A great social media campaign is one that emotionally connects a brand to its audience. Facebook is accomplishing this on their own platform by consistently reminding users of their mission to build a community and create close connections. They have implemented many social media campaigns to remind users of this mission, the most notable being the regular “Friendiversary” videos they make to remind users of the friendships they have built on Facebook. Most recently, in honor of their annual Friends Day, Facebook launched a new feature that celebrates the uniqueness of users’ friendships. This campaign creates a video of awards given to users’ friends based on their history and activity on the site. The titles vary from automatically generated ones, such as the photo op friend, to customizable superlatives. In addition to the awards, Facebook released a video series titled “A Friend Story” that follows 6 groups of friends and showcases the true value of their friendship. With over 44 million awards shared within the first day this campaign has been a success. This success lies in the campaigns ability to remind users about the friendships they care about most and why. It is by using a combination of video and interactive features that Facebook is able to emotionally connect with its users and show them the value the platform adds to their everyday lives.
The numbers are in for the final quarter of ’17, and signs point to the fall of the Facebook Empire. While their numbers are still quite high, reports show a loss of 1 million daily average users. That’s equivalent to Dallas or country of Cyprus deciding not to use Facebook.
Reasons for fleeing Facebook
1. Social media plethora – In the beginning, Facebook was the simplified answer for those struggling to manage their page on MySpace. The market was new, and the potential for growth was huge. Now, the social media market is filled with over forty social media platforms worldwide, including mainstream ones like Instagram and Twitter and niche ones like Fetlife and Untappd.
2. Too much advertising – The platform started as a way for people to connect and share life. Now, it’s another webpage filled with ads trying to sell you the latest thing.
3. Incredibly invasive – Facebook openly tracks activity on its platform and secretly across the net. Their artificial intelligence algorithms use this information to figure out which ads to place in user feeds. This is to provide a more personalized experience. However, this kind of information tracking has the potential for more than just identity theft.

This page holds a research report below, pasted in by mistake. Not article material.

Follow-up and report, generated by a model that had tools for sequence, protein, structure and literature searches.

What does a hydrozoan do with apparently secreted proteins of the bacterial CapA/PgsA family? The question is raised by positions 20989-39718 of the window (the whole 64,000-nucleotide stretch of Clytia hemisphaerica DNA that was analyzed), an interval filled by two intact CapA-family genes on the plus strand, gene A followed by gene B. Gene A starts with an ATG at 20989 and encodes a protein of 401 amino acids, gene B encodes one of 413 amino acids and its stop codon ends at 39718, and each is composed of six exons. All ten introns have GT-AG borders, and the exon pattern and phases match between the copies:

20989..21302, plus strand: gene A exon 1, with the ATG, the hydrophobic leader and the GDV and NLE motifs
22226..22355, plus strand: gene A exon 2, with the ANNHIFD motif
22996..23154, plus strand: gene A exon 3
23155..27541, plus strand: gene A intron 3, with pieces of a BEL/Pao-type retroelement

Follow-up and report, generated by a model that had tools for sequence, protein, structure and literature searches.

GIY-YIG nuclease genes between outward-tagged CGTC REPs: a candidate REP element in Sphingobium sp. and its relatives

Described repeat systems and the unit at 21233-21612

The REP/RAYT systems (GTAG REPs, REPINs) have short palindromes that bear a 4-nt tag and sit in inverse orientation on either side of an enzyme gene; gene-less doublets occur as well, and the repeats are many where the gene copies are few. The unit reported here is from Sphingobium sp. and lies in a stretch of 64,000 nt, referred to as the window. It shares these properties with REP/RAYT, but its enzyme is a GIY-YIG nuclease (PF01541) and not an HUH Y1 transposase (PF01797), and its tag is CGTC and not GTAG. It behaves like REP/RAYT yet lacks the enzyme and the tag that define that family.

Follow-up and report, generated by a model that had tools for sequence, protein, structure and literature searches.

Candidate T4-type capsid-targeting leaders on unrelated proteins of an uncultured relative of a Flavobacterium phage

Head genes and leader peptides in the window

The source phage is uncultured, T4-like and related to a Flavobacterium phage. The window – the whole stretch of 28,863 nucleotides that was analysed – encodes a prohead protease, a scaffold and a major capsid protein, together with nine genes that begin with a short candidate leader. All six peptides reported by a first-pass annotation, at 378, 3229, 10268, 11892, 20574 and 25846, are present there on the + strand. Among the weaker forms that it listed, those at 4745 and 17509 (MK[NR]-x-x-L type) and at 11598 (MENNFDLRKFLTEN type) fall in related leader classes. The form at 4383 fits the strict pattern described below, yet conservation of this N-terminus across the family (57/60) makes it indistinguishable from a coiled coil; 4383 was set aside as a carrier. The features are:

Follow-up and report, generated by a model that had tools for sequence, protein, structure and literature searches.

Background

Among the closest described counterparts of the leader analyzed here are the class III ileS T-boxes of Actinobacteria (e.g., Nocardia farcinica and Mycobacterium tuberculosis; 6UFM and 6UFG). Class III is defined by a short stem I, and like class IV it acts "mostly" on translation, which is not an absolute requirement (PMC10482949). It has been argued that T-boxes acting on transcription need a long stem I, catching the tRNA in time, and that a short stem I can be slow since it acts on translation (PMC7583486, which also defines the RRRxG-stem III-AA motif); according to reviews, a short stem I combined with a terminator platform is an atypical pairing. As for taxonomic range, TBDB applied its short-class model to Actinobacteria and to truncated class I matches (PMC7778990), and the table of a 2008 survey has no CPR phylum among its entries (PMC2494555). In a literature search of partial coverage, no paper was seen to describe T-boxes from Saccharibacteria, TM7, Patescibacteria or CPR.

4. Addictive Drug-
Rodger McNamee, an early investor, has come forward with others to take measures against social media. They are pushing for research on the addictive effects on the brain. Mr. McNamee is quoted in the Washington Post. “Facebook appeals to your lizard brain — primarily fear and anger, and with smartphones, they’ve got you for every waking moment.”
Social media has come with a lot of convenient features. At the same time, there are some potential disadvantages that can come as a result of Facebook and other forms of social media. This has resulted in some people saying that Facebook is bringing a negative impact on society. There have been even former execs that have stated that Facebook is having a negative impact on society as a whole. This has caused Facebook to talk back and address these claims.
It is understandable how people would come to this conclusion. Some people have stated that it is the short-term nature that awards the dopamine and other gratification related hormones in people. Also, people are more focused on connecting from their devices as opposed to actually meeting with one another in person. While many people may find it very convenient to connect with one another from social media, there are some people who are feeling the impact that is coming from such dependence on these platforms.
Recently, there has been a look at the impact that Facebook has brought to society as a whole after it was done growing and expanding. The executives at Facebook are paying more attention to the responsibility they have on society and are looking for ways that it can help Facebook bring forth positive changes in society. As of right now, there are tons of users on Facebook connecting with one another and even marketing their companies.
Suicide is considered a serious issue in social media. It is so serious that social media platforms such as Facebook is doing everything it can to prevent an actual suicide from happening. It has recently released an app that is designed to detect suicidal posts and offer help to individual who have made the post. While users were encouraged to report suicidal posts, this can be a little slow in that it can take a while for some Facebook users to have their posts read. One thing that this AI does is offer the user some kind of assistance in order to make sure everything is ok.
One interesting thing about suicide is that it is ultimately unpredictable. For one thing, each case of suicide is unique. Therefore, it is also very sensitive because there is no telling what is going to trigger the hurting user. While this proposal can be considered helpful when it comes to this type of issue, it can cause a bit of concern over other ways that this type of software can be used.